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by Michele Christopher
I have a bunch of photos that have things I've written attached to them. Gonna share them with you here once in a while. Here's the first.
When I have my camera in tow, I tend to view everything as a potential photograph and whatever I'm looking at in that moment is seen through not just my eyes, but my photographer mind. I see sepia tones, blurred visions, soft focus. In the instant it takes to scan, say, a field of flowers, my mind runs through the myriad options, like there's a copy of Photoshop in my head, and I see modes and colors that aren't there for anyone else. Very rarely does a photograph come out exactly as I viewed it in my mind. That's the beauty of digital photography, though. You can try, try, try again without wasting money or film.
So we drove past Paradise - located in Roscoe, New York - and I stuck my head out the window, snapped the camera and a rush of thoughts erupted with the one click. Black and white. This looks almost like a ghost town. No, a post-Armageddon town. No, something more desperate and bleak. Not so much the setting, but the juxtaposition of the word PARADISE with scenery that consisted of a battered barn-like building, a trailer, a dirt road and some cars.
Of course, all those things just might be someone's idea of paradise. Who's to say? What's bleak and depressing to me might be someone's escape from the things they find bleak and depressing. Maybe there's a guy - let's call him Larry - who lives just down the road apiece from Paradise Lake. He lives in a battered house that needs a new roof and better insulation. The yard is nothing more than dried hunks of brown grass growing between patches of rock and dirt. There are bills spread out on his kitchen table; utility, Exxon credit car, pharmacy. The phone's already been turned off. Electricity is next. On the wall is a picture of his wife Martha, who died last year from lung cancer. He's got a kid, a daughter, but she's off living with her grandparents, who give her things that he can't, like heat in the winter and a hot breakfast and new shoes.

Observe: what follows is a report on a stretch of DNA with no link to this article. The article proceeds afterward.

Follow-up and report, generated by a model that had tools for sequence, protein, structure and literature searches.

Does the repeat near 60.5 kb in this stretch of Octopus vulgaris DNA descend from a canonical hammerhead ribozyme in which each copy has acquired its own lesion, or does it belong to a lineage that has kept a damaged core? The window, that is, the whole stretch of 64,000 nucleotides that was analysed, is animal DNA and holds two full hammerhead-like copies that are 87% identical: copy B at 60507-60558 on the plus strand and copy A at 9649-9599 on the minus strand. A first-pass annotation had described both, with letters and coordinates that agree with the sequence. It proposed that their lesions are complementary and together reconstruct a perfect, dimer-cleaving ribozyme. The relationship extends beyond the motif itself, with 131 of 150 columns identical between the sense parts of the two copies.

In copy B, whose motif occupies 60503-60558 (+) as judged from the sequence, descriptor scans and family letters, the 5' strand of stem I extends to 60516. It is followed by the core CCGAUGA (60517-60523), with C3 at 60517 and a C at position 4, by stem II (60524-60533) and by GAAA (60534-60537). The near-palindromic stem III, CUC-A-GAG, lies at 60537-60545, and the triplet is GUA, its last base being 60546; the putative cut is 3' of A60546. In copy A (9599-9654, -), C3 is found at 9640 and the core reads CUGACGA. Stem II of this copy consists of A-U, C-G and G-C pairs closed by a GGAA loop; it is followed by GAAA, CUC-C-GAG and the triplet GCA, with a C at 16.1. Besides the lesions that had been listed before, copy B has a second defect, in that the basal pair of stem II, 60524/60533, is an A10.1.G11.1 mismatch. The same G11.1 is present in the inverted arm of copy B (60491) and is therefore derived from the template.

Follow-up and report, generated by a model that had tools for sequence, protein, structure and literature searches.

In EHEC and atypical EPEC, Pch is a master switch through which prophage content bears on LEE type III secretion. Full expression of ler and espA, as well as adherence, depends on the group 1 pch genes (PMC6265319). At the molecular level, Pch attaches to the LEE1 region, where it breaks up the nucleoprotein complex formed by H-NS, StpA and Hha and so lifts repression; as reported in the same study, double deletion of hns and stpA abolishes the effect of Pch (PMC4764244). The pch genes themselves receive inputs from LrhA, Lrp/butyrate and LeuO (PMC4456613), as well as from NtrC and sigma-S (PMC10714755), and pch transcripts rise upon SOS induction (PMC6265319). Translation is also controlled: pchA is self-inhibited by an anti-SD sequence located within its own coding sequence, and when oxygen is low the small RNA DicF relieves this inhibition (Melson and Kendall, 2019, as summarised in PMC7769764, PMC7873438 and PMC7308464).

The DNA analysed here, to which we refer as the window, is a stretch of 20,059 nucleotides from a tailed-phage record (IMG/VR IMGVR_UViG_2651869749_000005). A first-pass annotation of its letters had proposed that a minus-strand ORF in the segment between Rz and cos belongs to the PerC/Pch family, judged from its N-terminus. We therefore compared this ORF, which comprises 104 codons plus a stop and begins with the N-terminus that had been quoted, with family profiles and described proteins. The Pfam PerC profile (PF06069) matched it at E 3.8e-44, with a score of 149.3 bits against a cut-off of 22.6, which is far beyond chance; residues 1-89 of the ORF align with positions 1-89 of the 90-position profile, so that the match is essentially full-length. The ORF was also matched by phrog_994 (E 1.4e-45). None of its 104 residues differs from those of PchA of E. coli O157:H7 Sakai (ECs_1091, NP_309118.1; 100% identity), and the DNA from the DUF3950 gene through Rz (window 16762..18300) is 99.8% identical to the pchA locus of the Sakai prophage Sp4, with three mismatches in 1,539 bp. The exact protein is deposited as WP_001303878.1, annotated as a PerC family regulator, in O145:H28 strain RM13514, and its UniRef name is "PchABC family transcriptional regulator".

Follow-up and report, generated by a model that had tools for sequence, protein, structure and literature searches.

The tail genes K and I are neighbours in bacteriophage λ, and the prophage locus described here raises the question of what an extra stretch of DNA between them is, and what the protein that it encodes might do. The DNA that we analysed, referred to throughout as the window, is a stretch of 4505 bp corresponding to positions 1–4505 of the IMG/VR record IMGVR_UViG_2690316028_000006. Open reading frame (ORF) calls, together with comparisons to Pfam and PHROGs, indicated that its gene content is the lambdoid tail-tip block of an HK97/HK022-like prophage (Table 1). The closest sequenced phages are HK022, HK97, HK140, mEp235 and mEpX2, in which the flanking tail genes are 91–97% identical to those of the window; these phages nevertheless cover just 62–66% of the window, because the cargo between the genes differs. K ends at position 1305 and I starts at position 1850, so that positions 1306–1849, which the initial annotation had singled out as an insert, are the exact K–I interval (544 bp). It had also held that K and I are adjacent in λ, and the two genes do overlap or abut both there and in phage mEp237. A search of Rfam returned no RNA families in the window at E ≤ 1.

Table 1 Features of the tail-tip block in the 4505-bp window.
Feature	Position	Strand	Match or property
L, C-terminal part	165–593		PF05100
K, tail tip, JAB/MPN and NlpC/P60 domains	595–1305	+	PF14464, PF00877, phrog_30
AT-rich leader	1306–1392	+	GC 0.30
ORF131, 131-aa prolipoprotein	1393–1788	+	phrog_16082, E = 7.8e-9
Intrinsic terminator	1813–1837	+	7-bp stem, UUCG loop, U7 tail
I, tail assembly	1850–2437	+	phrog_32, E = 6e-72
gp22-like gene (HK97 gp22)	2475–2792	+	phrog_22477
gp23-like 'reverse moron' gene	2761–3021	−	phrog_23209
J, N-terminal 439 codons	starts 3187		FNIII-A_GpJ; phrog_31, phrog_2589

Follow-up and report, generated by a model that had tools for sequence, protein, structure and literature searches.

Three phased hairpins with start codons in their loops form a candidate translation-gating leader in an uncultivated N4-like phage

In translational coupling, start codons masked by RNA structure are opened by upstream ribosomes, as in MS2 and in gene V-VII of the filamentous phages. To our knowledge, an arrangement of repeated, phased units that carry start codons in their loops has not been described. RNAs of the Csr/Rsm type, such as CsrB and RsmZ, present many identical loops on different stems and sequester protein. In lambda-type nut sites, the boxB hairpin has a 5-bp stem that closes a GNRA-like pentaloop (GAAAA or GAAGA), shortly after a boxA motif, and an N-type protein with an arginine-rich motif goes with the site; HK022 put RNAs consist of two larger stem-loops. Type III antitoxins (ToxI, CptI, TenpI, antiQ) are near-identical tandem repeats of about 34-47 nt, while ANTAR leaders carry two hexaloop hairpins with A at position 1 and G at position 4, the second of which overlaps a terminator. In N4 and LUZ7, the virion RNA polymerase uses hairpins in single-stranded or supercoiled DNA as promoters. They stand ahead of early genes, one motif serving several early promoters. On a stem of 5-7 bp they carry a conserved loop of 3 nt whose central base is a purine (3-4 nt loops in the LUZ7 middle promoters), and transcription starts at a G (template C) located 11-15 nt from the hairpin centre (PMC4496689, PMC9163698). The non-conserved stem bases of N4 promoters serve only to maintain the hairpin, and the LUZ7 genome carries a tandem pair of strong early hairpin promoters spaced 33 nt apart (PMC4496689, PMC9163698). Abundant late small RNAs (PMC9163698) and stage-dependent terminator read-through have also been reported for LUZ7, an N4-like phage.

So he doesn't want to look at the bills and his wife anymore. He doesn't want to stare at the thin walls that make him think of freezing winters even though right now it's summer, hot as hell summer, and the flies are coming in through the holes in the screen, gathering on the counter that hasn't been wiped clean in a week at least. He walks out the door - doesn't bother locking it because there's nothing worth stealing in the house - grabs his fishing pole and starts walking down to Paradise Lake.
Paradise Lake is stocked with trout. It's surrounded by mountains lush with greenery, bordered with wildflowers and dotted with water lilies. Larry finds his favorite place, where the water-beaten rocks, softened and smoothed by nature, jut out into the lake. He sits on the rock, casts his line and waits. He doesn't care if he catches a fish or not. In fact, he'll probably throw back whatever he catches. He just wants to sit there with the sun beating down on his shoulders, enveloping him in a warmth that seeps deep within his soul. He just wants to stare at the clouds that move across the sky, huge, pregnant clouds that remind him of childhood summers, and sometimes the sun will burst forth from behind those clouds, throwing spears of light rays towards the heavens and Larry thinks that Martha is talking to him then, saying hi from above, smiling at him even though he fucked things up so bad.
He smiles back.
A trout bites. A bullfrog leaps into the water, lands on a lily pad. From across the lake comes the shout of a young boy who has caught his first fish. The sun caresses his face.